Years ago, Tiger Woods was asked for an example of the way he likes to be in control.
“I make the bed in my hotel room,” he said.
The quote, printed in Sports Illustrated over a decade ago, stuck with me. Plenty of people stay in hotel rooms every single day. How many make their beds themselves? Nothing better exemplifies the difference between Tiger Woods and “plenty of people” than the fact that he made sure the comforter was tidy before heading out for the day.
But it turns out Woods isn’t the only golf star with a penchant for getting his sheets in order. In a pre-Tour Championship press conference, Xander Schauffele described on Wednesday how he’s been looking for little goals that will make it easy to keep his day-to-day focus.
“I put little goals in place every day, and I think if you can kind of keep to the small things it’s easier to capture the big picture at the end,” he said. What kind of little goals?
“I’ve been trying to make my bed every day. Every time I wake up, I try and — someone told me there’s been books about it, about how important it is to start the day with a win,” he said.
Schauffele admitted that his girlfriend Maya Lowe tends to be the bedmaker when he’s at home in San Diego (“I’m pretty bad at that”) but on Tour he’s been keeping things tight.
“Here on the road or hotel or Airbnb or whatever it is, I try and make my bed,” he said.
What’s the theory behind the bed-making? One version was laid out convincingly in a commencement speech from the University of Texas a few years ago by Naval Admiral William McRaven, an expert on routine if there ever was one. In his speech, McRaven emphasized that if you make your bed, you’ll have accomplished the first task of the day, setting off a chain of events where you’ll be encouraged to complete another task, and then another, and that the initial act of making the bed will have turbo-charged your productivity for the day. (You can see that speech here.)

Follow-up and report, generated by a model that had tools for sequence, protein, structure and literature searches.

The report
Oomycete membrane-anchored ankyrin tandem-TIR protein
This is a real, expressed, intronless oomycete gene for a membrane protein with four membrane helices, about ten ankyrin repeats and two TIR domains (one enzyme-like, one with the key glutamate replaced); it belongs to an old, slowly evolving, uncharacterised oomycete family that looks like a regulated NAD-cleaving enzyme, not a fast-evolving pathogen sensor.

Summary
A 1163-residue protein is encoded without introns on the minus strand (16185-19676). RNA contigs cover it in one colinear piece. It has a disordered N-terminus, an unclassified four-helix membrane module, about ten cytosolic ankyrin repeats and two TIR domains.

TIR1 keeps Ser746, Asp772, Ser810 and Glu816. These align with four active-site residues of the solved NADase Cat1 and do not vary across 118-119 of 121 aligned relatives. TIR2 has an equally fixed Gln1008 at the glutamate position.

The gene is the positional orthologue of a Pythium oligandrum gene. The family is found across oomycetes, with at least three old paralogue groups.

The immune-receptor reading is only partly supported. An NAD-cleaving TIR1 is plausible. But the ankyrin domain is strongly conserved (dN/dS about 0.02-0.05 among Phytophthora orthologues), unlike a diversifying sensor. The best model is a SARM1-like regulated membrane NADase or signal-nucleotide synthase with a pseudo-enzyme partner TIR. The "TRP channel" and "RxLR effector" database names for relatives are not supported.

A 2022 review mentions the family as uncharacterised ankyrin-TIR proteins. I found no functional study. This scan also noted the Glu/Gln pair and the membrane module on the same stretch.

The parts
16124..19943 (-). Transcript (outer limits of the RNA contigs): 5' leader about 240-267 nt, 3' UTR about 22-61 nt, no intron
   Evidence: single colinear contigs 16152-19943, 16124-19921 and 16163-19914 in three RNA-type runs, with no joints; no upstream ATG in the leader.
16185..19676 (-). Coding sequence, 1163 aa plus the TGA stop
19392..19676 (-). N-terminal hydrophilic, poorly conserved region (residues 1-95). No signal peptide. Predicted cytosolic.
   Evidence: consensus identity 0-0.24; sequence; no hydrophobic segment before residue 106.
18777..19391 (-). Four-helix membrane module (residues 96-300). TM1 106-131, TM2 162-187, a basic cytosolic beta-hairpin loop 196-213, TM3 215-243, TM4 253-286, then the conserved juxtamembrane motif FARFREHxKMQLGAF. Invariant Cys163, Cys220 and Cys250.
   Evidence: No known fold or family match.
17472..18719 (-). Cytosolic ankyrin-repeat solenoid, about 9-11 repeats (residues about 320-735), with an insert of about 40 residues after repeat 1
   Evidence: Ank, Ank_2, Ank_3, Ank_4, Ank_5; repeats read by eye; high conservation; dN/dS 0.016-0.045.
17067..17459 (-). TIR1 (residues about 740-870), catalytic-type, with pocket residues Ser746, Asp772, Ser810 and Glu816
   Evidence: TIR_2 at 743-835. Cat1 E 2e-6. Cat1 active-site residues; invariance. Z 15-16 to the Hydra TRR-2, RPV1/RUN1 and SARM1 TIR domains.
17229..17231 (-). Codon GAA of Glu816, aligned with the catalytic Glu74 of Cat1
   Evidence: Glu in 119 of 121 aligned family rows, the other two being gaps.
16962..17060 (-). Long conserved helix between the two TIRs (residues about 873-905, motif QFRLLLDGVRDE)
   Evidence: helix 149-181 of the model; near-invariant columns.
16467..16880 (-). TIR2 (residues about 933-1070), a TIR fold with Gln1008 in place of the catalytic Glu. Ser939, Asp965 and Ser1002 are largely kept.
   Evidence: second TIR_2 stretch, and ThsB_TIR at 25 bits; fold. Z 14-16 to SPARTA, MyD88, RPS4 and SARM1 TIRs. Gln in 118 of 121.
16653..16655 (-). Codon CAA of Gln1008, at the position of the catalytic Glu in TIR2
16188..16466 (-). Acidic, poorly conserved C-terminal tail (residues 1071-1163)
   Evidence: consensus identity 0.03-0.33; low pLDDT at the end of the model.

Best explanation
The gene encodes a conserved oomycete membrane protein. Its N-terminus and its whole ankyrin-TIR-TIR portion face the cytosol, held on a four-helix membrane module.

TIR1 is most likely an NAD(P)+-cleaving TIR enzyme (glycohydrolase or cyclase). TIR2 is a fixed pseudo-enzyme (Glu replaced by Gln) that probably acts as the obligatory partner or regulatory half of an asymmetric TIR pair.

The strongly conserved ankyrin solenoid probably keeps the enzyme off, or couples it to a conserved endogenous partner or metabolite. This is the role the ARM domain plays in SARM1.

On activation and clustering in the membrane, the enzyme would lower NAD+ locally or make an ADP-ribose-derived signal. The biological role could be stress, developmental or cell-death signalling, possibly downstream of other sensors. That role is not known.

Schauffele’s California chill means he delivered the life tip a little differently than the admiral. And, admittedly, he’s not positive the concept will help his golf game — but it seems to help his daily mindset.
“I don’t think I’ve played a whole lot better, in all honesty, but I do feel like I start the day with a win, which is nice,” he said. “I know my girlfriend would be happy that I’m making the bed out here on the road.”
The bed-making wasn’t the only routine Schauffele mentioned. He talked about keeping his practice routines focused, too, writing down some notes on his phone as he goes and staying dialed in, “versus kind of sitting there and letting your mind wander and hitting a few bad shots and kind of letting it affect your attitude.”
It’s always fascinating to hear Tour pros talk about how they deal with the week-in, week-out grind of PGA Tour life. It’s a beautiful, enviable, lucrative monotony, but a monotony nonetheless. For Schauffele, Tour success came fast; look no further than the Tour Championship he won his rookie season. That sort of success breeds high expectations. High expectations take some managing.
Schauffele has been on a run of incredible consistency; he has finished in the top 25 in 12 of his last 13 starts and remains World No. 11. But he’s hardly impressed with his recent form.
“I’ve had a few top-25 finishes, which, it sounds bad to say I don’t really care about that, but I obviously want to contend and get the juices flowing on the weekend, which I’ve been missing out on quite often,” he said.
Contrast that to Schauffele’s rookie year, when he ran off an incredible rally at the BMW Championship — carding four birdies and an eagle in his final six holes — just to make it to East Lake, where he went on to win.
“I was out here at East Lake, on a property I had never seen, and I was just like a kid at Disneyland walking around. There was only 30 guys. Thinking about how this is the big goal everyone is looking forward to at the end of the year and I’m fortunate enough to make it.”
What’s the old equation? Happiness is reality minus expectations? Schauffele sounds like he’s trying to make some adjustments on each side.
“Now? I know the course. I’m trying to prepare properly. Do all the right things. Golf is kind of funny like that. I think getting your head is the right mental space is important, and maybe I do need to go back to my rookie vibes to where I’m very happy-go-lucky, nothing really matters.”
Easier said than done, of course. Once you’ve experienced the success Schauffele has, it must be near-impossible to reset expectations. Still, he can try to manage them, and he’ll keep adding up those daily wins — one tucked-in bedspread at a time.